LSU replenished its talent pool that was weakened by 11 underclassmen entering the NFL draft when it signed one of the nation’s highest-rated recruiting classes Wednesday.
National Signing Day brought 27 new players officially into the program. Two recruiting services ranked LSU’s class No. 5 in the country and two others ranked it No. 7.
Eight of the recruits are in school and will participate in spring practice next month.
“This class really fits the needs that this team has and ultimately that’s the most important piece,” coach Les Miles said.
“I think the depth of this recruiting class is very strong. I don’t think there’s much difference between the highest-ranked guy and the lowest-ranked guy.
“Every class since I’ve been here (2005) has been designed to meet what are very specific needs. We had 11 guys go to the NFL at a variety of positions. We did our best to (offset) that loss. I think this is as strong a class as we’ve signed.”
The Tigers class got a last-minute boost when defensive end Tashawn Bower, of Somerville, N.J., and a four-star (out of five) recruit, chose LSU just hours after defensive end Robert Nkemdiche, of Logansville, Ga., and the nation’s No. 1 recruit, chose Ole Miss over LSU and Florida, as expected.
Bower, who had rescinded his commitment to Auburn, spurned Florida to sign with LSU at the last minute.
Miles said Bower gives LSU the type of talented defensive end it has been used to having but was lacking after juniors Barkevious Mingo and Sam Montgomery joined seniors Lavar Edwards and Chauncey Aghayere in the draft.
“He’s exactly what we needed,” Miles said. “He’s a tremendous get for us and he fills a need that this team had to have. I don’t know if I would have felt as good about this class if we did not have Tashawn.”
Bower rescinded his verbal commitment to Auburn after it fired coach Gene Chizik in November.
“It was really a last-minute thing, but you have to go with your gut feeling and I think going to LSU will be the best thing for me,” Bower said. “This morning, I thought maybe Florida, then LSU, and back and forth all throughout last night and this morning.”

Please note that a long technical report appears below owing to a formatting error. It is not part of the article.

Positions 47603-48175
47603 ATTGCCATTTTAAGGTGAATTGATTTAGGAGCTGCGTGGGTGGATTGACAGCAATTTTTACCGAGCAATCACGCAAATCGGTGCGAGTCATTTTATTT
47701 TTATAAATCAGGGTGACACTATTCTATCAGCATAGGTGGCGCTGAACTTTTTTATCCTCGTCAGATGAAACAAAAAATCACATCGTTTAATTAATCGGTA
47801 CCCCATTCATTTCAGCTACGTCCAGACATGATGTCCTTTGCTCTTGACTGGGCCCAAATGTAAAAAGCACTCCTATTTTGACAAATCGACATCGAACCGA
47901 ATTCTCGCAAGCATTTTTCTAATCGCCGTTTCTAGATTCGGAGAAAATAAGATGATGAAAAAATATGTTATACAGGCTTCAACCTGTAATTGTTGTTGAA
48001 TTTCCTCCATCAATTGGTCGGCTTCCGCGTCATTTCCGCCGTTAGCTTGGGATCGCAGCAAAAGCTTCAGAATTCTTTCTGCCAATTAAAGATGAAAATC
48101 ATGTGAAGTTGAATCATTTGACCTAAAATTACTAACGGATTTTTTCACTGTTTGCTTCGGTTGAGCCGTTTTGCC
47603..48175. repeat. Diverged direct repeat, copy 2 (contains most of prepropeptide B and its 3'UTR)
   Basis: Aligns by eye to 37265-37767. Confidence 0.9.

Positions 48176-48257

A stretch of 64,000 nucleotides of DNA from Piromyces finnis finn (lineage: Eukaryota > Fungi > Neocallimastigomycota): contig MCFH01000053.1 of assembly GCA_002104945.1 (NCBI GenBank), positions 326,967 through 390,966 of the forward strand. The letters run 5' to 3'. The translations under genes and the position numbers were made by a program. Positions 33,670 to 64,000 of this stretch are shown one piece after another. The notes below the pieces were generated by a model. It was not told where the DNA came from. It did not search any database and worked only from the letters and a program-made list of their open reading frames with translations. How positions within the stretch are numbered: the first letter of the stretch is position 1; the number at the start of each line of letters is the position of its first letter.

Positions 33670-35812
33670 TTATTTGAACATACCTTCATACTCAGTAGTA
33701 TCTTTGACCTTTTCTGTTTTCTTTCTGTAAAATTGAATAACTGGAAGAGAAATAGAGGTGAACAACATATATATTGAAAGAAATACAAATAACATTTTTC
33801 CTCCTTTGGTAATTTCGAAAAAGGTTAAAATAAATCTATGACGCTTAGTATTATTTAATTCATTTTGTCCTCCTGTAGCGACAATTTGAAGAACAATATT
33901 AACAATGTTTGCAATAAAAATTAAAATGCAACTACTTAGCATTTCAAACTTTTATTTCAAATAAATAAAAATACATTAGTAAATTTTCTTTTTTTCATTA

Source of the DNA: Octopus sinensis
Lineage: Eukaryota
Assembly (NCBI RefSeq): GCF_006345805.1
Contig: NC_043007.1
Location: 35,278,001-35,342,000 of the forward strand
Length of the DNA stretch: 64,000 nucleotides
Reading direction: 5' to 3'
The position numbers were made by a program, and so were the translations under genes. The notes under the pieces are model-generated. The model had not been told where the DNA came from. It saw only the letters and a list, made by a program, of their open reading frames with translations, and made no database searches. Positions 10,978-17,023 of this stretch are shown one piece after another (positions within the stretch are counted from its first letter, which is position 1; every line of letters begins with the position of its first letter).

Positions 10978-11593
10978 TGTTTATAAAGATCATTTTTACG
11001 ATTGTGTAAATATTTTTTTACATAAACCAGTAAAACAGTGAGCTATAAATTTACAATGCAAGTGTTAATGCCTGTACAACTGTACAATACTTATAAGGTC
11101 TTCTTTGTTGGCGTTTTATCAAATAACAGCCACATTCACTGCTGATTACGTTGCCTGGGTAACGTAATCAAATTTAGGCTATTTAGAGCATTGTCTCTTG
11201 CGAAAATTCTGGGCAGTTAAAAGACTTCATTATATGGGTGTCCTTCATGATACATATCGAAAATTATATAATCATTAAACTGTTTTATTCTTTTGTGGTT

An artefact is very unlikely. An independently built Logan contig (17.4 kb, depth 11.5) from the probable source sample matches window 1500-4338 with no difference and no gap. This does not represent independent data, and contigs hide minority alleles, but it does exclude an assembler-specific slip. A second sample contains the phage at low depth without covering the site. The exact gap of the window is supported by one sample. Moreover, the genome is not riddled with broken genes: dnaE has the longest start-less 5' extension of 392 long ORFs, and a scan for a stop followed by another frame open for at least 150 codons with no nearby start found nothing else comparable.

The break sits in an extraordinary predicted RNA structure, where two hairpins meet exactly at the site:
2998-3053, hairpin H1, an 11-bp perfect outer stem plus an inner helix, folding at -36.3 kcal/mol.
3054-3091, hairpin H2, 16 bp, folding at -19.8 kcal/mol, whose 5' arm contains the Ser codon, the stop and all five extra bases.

In addition to Mingo and Montgomery, the early departures included four other defensive starters from last season — tackle Bennie Logan, linebacker Kevin Minter, safety Eric Reid and cornerback Tharold Simon.
Additionally, former All-America cornerback Tyrann Mathieu entered the draft with two years of eligibility remaining after being kicked off the team in August.
The Tigers, who signed 14 defensive players and 13 offensive players, added three linebackers and four defensive backs, none of which is a true safety, but Miles said at least two of the cornerbacks have the ability to move to safety.
Otherwise, LSU met each of its position needs.
“Our first need was with four defensive ends graduating and two defensive tackles we had to replace them with a very, very quality defensive line class,” Miles said. “We had three defensive tackles and four defensive ends — need met.”
The Tigers also bolstered the offensive line, where they lost four players and replaced them with, according to Miles, “probably the best five-man class in the offensive line that we’ve had since I’ve been here.”
Miles said LSU addressed other needs with “two very quality young quarterbacks that will give us the ability to throw it and run it” as well as four tall receivers ranging from 6-foot-1 to 6-4.
Miles said he expects wide receiver Quantavius Leslie to get his junior-college academic issues in order by the fall.
Defensive tackle Tevin Lawson, of Denham Springs and a former LSU commitment, hasn’t signed. He’s weighing offers from other schools after the Tigers asked him to pay his own way for a year before going on scholarship in 2014.
Defensive back Jeremy Cutrer, of Jewel Sumner, is investigating junior college options after failing to qualify academically.
Though Wednesday was just the first day of the signing period, Miles said, “We’re done with prospects for this class.”
Of the 27 recruits, 15 came from other states, including California, New Jersey, Illinois and Nebraska, leading Miles to call them “maybe the most diverse geographical class that we’ve had.”